Being cautious with cannabis – The Scout

On Jan. 17 the university sent an email, reminding students that cannabis use on campus is still forbidden because Bradley is a recipient of federal funding and thus subject to the federal Drug-Free Schools and Communities Act. The act prohibits the possession, use and distribution of all federally-controlled substances, including cannabis, even with the new state law.

“We are pretty much doing what every other school is doing because of the federal [law], it still being a schedule one federally banned drug. So even in Colorado and California they still have similar policies as us to dealing with cannabis and it not being allowed on campus or in the residence halls,” Ryan Bair, executive director of residential living and student conduct, said.

What Bair wants students to be aware of is that even if a student is 21 or older and can use cannabis they should be careful and cautious, as the city of Peoria has not clarified what can be considered public use when using it.

“To be cautious I wouldn’t tell students to be using even on their properties in the front yard or the backyard,” Bair said. “You will probably be considered in public at

that point. There’s still some of that that still needs to be worked out with the city and things. And how are they going to enforce that?”

Currently, the university is in the early stages of producing resources, that will hopefully give students a better grasp on the new cannabis law. Currently, they have been evaluating a website at titled, “Let’s talk about Cannabis” as a possible resource.

“We are trying to find a site that is comprehensive and talks about or agreed upon information about wellness, the law and then we’ll always have to add in our rules on campus,” Bair said. “Hopefully, soon we’ll be putting some messaging on campus and things as well.”

Additionally, staff wants to see what students are feeling and thinking before they make any assumptions.

Nathan Thomas, vice president for student affairs, foresees that educational efforts are going to evolve.

“But going into this, we have taken the approach, a little bit of ‘We need to see what the students are expecting and what some of those pieces are’ so we can provide that information as opposed to us making our own determinations as to what we think is the best way to handle this too.” Thomas said.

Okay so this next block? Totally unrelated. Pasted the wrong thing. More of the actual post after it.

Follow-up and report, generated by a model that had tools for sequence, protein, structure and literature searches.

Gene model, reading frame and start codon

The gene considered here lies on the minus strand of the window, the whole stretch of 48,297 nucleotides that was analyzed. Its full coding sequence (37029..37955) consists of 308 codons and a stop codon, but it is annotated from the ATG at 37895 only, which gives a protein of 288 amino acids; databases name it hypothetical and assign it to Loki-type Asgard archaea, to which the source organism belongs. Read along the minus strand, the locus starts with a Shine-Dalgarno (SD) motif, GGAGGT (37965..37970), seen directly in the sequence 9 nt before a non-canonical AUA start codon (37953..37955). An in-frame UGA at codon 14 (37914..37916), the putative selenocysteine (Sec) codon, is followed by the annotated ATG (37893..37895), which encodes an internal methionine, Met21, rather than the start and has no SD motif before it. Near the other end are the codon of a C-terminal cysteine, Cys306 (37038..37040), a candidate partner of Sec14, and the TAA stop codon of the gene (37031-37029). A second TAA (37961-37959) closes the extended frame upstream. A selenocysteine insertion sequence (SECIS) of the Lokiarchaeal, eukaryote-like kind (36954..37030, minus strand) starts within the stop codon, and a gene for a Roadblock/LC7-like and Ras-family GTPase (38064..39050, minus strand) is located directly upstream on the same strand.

In the near future, Bair hopes that they will be able to have presentations about cannabis as they currently do about alcohol where they can explain to students how to use it in a healthy manner.

“A part of that is that it’s still a schedule one drug and it hasn’t opened up a lot of good research in the United States about things. So that makes it hard for the university to put it’s stamp on, ‘Here’s the best way or most healthy way to use this,’ like we would with alcohol,” Bair said.

Bair and others hope that they get to a place soon that they can have educational presentations about cannabis that mirror the presentations the university does for alcohol use.

Overall, the University feels that its students will take initiative to do the right thing, as well as following the university’s policy and utilize resources to learn more about the law.

“I think above all else is [to be] respectful of our policies to campus which so far is very much what we have seen,” Thomas said. I think the second part is probably on the wellness component of things and really for students to utilize those resources that are now available online and other places about marijuana and if they choose to use it to use it legally.”

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